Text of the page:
Pubertal status was obtained in 97.9% of adolescents (96.4% of those male and 97.9% of those female), physical activity in 94.7% (95% of those male and 94.4% of those female), SES in 97.9% (99.3% of those male and 98.6% of those female), and information on breast-feeding duration in 98.9% (99.6% of those male and 99.3% of those female).

Statistical analysis

Statistical analyses were performed using SPSS software (version 16.0), and the level of significance was set at 0.05. We adjusted abdominal fat deposition variables by the square of height. Regional fat mass indexes (FMIs) were then calculated as fat mass divided by the square of height (trunk FMI and abdominal FMI R1, R2, and R3).

The association of birth weight with fat distribution was analyzed by linear regression in an extended model approach: Model 1 included the predictor (birth weight) and the dependent variable (trunk FMI; abdominal FMI R1, R2, and R3; waist circumference; waist-to-height ratio; or subscapular to tricipital skinfold) adjusted for gestational age. For model 2, total fat mass was entered into the model. For model 3, a set of confounders (sex, pubertal stage, breast-feeding duration, and physical activity) was added. For model 4, SES was added to the model. We also tested the interaction effect between sex and birth weight. Pubertal stage, SES, and breast-feeding duration were entered as dummy variables.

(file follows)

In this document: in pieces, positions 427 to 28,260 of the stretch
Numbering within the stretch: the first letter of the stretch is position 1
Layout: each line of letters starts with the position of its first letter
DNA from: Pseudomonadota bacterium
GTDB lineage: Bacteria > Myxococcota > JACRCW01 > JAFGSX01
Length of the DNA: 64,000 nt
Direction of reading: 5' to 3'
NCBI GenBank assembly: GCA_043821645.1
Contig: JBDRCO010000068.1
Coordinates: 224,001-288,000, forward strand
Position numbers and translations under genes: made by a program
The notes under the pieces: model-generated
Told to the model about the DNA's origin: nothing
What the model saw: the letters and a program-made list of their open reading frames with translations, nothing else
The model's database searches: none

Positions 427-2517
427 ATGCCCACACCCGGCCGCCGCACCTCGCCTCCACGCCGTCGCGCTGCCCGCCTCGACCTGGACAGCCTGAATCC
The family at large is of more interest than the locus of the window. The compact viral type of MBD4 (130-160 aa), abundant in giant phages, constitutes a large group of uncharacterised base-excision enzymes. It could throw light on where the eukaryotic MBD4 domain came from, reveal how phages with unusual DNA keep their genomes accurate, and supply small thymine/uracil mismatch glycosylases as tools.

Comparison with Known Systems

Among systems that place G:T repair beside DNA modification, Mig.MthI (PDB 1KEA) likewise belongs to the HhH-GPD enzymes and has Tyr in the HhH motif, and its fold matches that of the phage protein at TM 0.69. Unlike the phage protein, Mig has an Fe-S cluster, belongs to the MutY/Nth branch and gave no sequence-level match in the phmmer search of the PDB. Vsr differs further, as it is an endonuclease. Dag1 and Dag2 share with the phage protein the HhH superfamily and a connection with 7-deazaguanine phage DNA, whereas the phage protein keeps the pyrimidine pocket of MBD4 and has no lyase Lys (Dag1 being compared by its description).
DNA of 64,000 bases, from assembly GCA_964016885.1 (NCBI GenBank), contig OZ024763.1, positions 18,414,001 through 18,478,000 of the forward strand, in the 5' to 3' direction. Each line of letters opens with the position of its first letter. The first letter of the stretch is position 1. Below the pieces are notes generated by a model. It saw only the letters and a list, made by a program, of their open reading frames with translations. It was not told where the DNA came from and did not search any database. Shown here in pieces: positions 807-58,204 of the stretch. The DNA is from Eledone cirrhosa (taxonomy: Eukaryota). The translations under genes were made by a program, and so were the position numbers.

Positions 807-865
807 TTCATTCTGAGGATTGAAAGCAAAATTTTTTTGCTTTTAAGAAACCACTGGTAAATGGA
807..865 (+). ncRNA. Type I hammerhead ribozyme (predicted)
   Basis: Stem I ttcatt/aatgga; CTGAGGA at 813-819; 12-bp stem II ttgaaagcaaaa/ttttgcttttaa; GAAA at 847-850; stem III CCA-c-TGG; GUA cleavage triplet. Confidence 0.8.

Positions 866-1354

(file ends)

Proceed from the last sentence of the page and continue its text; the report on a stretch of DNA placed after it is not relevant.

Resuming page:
Mean ± SD birth weight was 3.31 ± 0.44 kg (3.36 ± 0.50 kg in male subjects and 3.26 ± 0.39 kg in female subjects). Because there was no evidence that the associations of birth weight with trunk FMI and abdominal FMI R1, R2, and R3 differed between female and male subjects (P for interaction 0.256, 0.301, 0.243, and 0.304, respectively), the results are presented jointly for both sexes (Table 1).

Table 1
Unstandardized regression coefficients (β) and SEM showing the association between birth weight and abdominal fat deposition indexes in adolescents

Birth weight adjusted for gestational age was negatively associated with trunk and abdominal FMI R1 and R2 (all P < 0.05). When total fat mass was entered into the model (model 2), these relationships were strengthened (P < 0.01). The results did not change after further adjustment for potential confounders (models 3 and 4). A decrease of 1 kg in birth weight predicted an increase of ~50 g/m2 in abdominal FMI. The adjustment for age instead of pubertal stage did not substantially change the results (data not shown).